Because Wilmington’s recent spate of gun violence has residents from every walk of life concerned, City Councilman and UNCW political science professor Earl Sheridan corralled some university colleagues for a community panel event. WHQR’s Katie O’Reilly reports that Wednesday night’s discussion often landed on another local hot button: public education.
Professors lectured the standing-room-only crowd packing a UNCW auditorium about trends in gun control, media portrayal of violence, the influence of hip-hop culture and the mechanisms of gang hierarchy. But because Wilmington’s gangs largely attract middle school-aged boys, the discussion kept circling back to the need to instill a stronger sense of self-esteem and purpose at school—where young people are perhaps most influenced. This, Sheridan says, boils down to widespread willingness to address the social inequality that tends to leave at-risk kids alienated at school.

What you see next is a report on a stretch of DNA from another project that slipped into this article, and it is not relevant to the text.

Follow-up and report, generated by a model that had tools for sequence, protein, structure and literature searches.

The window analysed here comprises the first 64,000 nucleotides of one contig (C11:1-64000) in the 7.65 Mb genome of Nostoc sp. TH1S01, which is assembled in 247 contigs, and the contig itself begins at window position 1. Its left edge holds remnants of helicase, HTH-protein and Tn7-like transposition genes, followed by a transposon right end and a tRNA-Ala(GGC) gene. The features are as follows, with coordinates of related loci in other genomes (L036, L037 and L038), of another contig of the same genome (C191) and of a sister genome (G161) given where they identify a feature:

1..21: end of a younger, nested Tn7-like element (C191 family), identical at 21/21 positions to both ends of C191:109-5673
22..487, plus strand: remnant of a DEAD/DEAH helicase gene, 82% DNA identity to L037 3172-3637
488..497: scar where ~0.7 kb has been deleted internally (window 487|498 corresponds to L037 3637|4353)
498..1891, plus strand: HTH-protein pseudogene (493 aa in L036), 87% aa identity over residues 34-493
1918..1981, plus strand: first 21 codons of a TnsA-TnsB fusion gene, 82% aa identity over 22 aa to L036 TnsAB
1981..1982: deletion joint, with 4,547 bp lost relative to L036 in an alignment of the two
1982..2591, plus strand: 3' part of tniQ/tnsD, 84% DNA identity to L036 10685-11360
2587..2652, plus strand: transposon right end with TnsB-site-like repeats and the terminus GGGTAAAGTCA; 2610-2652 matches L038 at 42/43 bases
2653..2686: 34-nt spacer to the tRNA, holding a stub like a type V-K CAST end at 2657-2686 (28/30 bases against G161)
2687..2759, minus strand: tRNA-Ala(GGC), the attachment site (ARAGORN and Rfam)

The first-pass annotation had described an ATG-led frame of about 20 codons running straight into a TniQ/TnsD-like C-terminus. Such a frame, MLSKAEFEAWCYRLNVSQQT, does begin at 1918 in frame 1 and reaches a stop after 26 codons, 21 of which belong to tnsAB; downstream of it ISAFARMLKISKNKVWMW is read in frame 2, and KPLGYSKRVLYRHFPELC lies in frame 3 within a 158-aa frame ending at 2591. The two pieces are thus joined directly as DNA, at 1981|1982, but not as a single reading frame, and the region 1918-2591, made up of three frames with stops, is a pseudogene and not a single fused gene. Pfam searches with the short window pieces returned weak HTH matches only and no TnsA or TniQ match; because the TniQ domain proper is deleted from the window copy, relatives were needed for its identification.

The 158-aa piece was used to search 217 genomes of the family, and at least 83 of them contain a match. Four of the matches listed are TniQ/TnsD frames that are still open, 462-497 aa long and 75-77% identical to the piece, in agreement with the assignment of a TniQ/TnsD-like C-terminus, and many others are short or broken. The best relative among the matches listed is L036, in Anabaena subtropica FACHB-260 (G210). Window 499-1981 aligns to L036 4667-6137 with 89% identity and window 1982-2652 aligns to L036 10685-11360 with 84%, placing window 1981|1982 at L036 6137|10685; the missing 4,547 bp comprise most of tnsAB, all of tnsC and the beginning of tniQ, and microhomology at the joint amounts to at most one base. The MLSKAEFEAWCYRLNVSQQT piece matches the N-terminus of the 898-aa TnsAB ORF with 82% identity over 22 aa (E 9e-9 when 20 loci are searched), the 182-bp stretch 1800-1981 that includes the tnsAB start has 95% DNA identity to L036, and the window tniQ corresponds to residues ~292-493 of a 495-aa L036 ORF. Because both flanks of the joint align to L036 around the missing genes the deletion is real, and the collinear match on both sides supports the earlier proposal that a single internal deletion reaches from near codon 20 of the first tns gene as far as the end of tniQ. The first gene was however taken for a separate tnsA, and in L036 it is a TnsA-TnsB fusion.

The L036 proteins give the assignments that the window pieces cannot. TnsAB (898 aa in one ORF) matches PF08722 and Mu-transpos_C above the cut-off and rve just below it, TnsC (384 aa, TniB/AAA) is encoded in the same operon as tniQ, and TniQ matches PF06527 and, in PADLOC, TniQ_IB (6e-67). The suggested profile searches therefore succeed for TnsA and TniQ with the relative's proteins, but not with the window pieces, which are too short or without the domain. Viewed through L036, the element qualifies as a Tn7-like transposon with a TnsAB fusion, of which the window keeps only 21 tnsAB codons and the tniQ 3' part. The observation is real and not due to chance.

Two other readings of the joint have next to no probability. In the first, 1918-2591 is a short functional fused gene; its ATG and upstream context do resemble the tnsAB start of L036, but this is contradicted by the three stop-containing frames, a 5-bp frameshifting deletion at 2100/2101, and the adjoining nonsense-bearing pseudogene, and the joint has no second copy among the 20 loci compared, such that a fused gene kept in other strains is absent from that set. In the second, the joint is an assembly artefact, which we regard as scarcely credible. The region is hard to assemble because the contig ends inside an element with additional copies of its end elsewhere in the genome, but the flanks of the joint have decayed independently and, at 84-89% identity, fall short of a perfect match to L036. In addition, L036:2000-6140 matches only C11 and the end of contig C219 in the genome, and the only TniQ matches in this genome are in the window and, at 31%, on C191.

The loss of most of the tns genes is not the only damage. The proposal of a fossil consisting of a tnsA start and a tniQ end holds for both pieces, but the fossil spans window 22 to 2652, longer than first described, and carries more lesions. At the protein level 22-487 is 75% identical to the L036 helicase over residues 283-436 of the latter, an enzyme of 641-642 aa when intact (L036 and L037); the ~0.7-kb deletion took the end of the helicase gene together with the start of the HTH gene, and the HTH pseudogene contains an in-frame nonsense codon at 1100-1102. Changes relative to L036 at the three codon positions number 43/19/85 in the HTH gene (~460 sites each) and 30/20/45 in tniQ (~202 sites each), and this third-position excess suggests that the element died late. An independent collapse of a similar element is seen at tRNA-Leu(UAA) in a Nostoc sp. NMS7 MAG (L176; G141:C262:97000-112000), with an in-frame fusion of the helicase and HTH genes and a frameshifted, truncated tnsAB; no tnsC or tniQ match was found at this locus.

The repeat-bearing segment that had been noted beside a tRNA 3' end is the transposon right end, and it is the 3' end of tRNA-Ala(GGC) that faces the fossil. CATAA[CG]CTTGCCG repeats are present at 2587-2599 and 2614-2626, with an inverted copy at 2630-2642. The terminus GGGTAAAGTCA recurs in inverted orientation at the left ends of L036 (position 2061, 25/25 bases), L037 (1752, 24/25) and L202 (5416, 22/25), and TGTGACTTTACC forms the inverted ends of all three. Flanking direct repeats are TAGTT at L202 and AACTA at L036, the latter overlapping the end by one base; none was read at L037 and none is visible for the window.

"This is a community problem. City Council’s not going to solve it itself, the police are not going to solve it by themselves, the county commissioners are not going to solve it by themselves. It’s a community issue; it’s a community problem, and we’re going to have to solve it as a community."
Sheridan says that while Wednesday night’s panel primarily explored the academic theories behind gun violence, an upcoming public meeting will call on community leaders to more specifically address youth violence in Wilmington.
***The next community gun violence meeting will take place downtown on December 2 from 5:30 to 7:00, at Cape Fear Community College's